Website Options

Options below affect the visual display. Choices are stored using browser cookies.

  • The low bandwidth option causes most images to disappear and stops external fonts from loading.

  • The underlined links option causes all website links to become underlined, making them easier to distinguish.

  • The high contrast option causes colors to change to mostly black and white.

Utility Navigation

Diving Program


RADM Score and Diving Safety Board members

Rear Adm. David Score, Director of OMAO, signs the new NOAA Diving Standards and Safety Manual (NDSSM) during the 2017 Unit Diving Supervisors Worskhop. Behind him are NDCSB members: (from left to right) Roger Mays, Capt. Joel Dulaigh, Bill Gordon, Andy David, Greg McFall, Ray Boland, Joe Hoyt, Lt. Cmdr. Faith Knighton, and Brian Degan.

The most up-to-date information will be found on the Regulations tab on the NOAA Diving Program internal site. This page will soon be archived. 


The NOAA Diving Control and Safety Board (NDCSB), the governing body of the NOAA Diving Program, is the ultimate authority in drafting and approving all diving policies and guidelines. 

NOAA Diving Regulations are currently codified in the NOAA Diving Standards and Safety Manual (NDSSM). This manual contains all the information necessary to conduct safe dives at NOAA. All NOAA divers should be familiar with this document and know where to access it when needed, either digitally or as a hard copy.

During dive planning, divers and their supervisors need to pay close attention to the type of diving that will be needed to complete their particular mission. The Occupational Safety and Health Administration (OSHA) has determined that there are two types of dives: subject to OSHA regulations or qualifying for the scientific exemption. The NDSSM provides regulatory information on both OSHA-subject and scientific exemption dives and, as of April 5, 2017, replaces the former NOAA Working Diving Standards and Safety Manual and the NOAA Scientific Diving Standards and Safety Manual.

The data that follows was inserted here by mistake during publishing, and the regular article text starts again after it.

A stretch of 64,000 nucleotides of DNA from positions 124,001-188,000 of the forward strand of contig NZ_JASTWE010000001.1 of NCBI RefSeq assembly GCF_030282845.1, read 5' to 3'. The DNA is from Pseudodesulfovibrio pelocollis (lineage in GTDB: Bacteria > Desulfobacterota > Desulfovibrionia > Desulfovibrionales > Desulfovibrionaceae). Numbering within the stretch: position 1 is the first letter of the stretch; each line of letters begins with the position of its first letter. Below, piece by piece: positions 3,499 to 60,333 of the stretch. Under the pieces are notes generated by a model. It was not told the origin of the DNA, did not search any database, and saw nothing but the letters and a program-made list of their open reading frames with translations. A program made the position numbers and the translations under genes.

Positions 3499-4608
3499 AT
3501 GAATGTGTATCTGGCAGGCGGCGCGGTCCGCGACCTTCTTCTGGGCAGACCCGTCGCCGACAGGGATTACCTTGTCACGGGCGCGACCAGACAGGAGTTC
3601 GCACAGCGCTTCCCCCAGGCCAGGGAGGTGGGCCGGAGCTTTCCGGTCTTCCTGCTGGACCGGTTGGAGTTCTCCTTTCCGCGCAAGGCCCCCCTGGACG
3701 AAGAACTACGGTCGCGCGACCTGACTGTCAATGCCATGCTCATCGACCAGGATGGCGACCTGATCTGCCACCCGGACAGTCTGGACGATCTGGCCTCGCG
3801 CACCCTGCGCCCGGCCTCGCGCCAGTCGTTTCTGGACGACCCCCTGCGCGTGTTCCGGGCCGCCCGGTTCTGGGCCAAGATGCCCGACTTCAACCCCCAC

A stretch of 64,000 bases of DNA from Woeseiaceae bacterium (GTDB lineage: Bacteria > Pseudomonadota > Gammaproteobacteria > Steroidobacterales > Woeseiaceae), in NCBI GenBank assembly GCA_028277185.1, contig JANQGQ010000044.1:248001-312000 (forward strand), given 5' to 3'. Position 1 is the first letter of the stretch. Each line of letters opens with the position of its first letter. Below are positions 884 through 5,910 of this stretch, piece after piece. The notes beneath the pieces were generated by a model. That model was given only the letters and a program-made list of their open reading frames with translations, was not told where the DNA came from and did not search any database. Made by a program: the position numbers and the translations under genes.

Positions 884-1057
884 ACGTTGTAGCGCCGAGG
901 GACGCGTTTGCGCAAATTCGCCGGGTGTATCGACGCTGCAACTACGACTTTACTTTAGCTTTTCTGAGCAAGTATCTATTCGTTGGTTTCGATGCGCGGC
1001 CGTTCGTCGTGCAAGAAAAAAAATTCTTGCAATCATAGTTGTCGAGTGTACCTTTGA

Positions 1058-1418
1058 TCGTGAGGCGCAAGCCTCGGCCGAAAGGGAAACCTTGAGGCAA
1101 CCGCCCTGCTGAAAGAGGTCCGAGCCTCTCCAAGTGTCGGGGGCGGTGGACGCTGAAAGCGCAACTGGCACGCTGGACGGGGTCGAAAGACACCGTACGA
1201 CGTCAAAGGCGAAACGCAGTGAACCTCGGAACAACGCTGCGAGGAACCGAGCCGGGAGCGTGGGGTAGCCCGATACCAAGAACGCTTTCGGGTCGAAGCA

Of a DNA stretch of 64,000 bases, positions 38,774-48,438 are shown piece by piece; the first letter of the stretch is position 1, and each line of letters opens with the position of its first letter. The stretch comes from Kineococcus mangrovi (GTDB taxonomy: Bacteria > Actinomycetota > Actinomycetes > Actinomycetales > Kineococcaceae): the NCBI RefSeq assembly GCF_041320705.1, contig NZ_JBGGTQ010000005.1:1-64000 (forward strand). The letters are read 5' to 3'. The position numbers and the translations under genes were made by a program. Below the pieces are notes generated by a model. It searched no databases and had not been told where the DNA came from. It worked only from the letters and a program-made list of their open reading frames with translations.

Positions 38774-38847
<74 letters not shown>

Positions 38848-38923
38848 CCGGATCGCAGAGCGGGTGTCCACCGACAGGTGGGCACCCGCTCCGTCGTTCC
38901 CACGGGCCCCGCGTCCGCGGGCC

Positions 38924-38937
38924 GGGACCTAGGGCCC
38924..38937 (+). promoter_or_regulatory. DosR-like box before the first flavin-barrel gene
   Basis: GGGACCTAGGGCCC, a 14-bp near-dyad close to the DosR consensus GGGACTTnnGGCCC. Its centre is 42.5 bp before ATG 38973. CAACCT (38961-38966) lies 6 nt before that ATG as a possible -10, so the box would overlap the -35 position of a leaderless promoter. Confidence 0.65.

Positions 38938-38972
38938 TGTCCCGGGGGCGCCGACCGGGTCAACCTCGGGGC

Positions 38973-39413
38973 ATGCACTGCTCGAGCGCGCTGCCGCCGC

NOAA Diving Regulations

The NOAA Diving Standards and Safety Manual incorporates diving policies from the Office of Marine and Aviation Operations (OMAO) and from the Occupational Safety and Health Administration (OSHA) as they appear in the Code of Federal Regulations (CFR). Links to these source materials are available below.

OMAO Diving Policies

Code of Federal Regulations (CFR)

OSHA Commercial Diving Regulations

OSHA's Scientific Exemption

In 1982, OSHA exempted scientific diving from commercial diving regulations. The final guidelines for the exemption became effective in 1985 (Federal Register, Vol. 50, No.6, p.1046 - "guidelines for scientific diving").


Any dive that you are doing as part of your job must follow OSHA regulations. However, there may be times when the tasks that you perform fall under OSHA's scientific exemption. In order to qualify for the scientific exemption, dives must be completed by a scientist, are limited to observation and data gathering, and are performed for collection of data used for the advancement of science.

Does a Dive Qualify for the Scientific Exemption?

Criteria to be used to distinguish between an OSHA-subject and OSHA-exempt dive are presented in the OSHA website and in the list below. These questions describe basic elements of a scientific dive. A negative answer to any of the following questions would require the task to be conducted using OSHA regulations.

  • Can the tasks be accomplished using simple hand tools (e.g., small hammers, pliers, chisels, wrenches, cameras, measuring tapes, nets, collection jars) weighing 25 pounds or less underwater?
  • Do the tasks require the expertise of a scientist or scientist-in-training?
  • Can the tasks be accomplished with minimal physical exertion?
  • Can the tasks be accomplished in short duration (e.g., <1-hour)?
  • Are the tasks limited solely to the observation of natural phenomena or responses of natural systems and/or gathering of data for scientific analysis?
  • If any object is to be lifted or moved, is its weight underwater <100 pounds?
  • Will the tasks result in the advancement of science?

When conducting mixed operations (i.e., dives involving both scientific and working tasks), or when in doubt as to the nature of the dive, the dive shall be conducted as a working dive per the NDSSM.

For additional information and a more extensive explanation, please refer to the NDSSM.

You are here:
Reviewed: May 14, 2021. Contact us with page issues.

"Access controlled" content.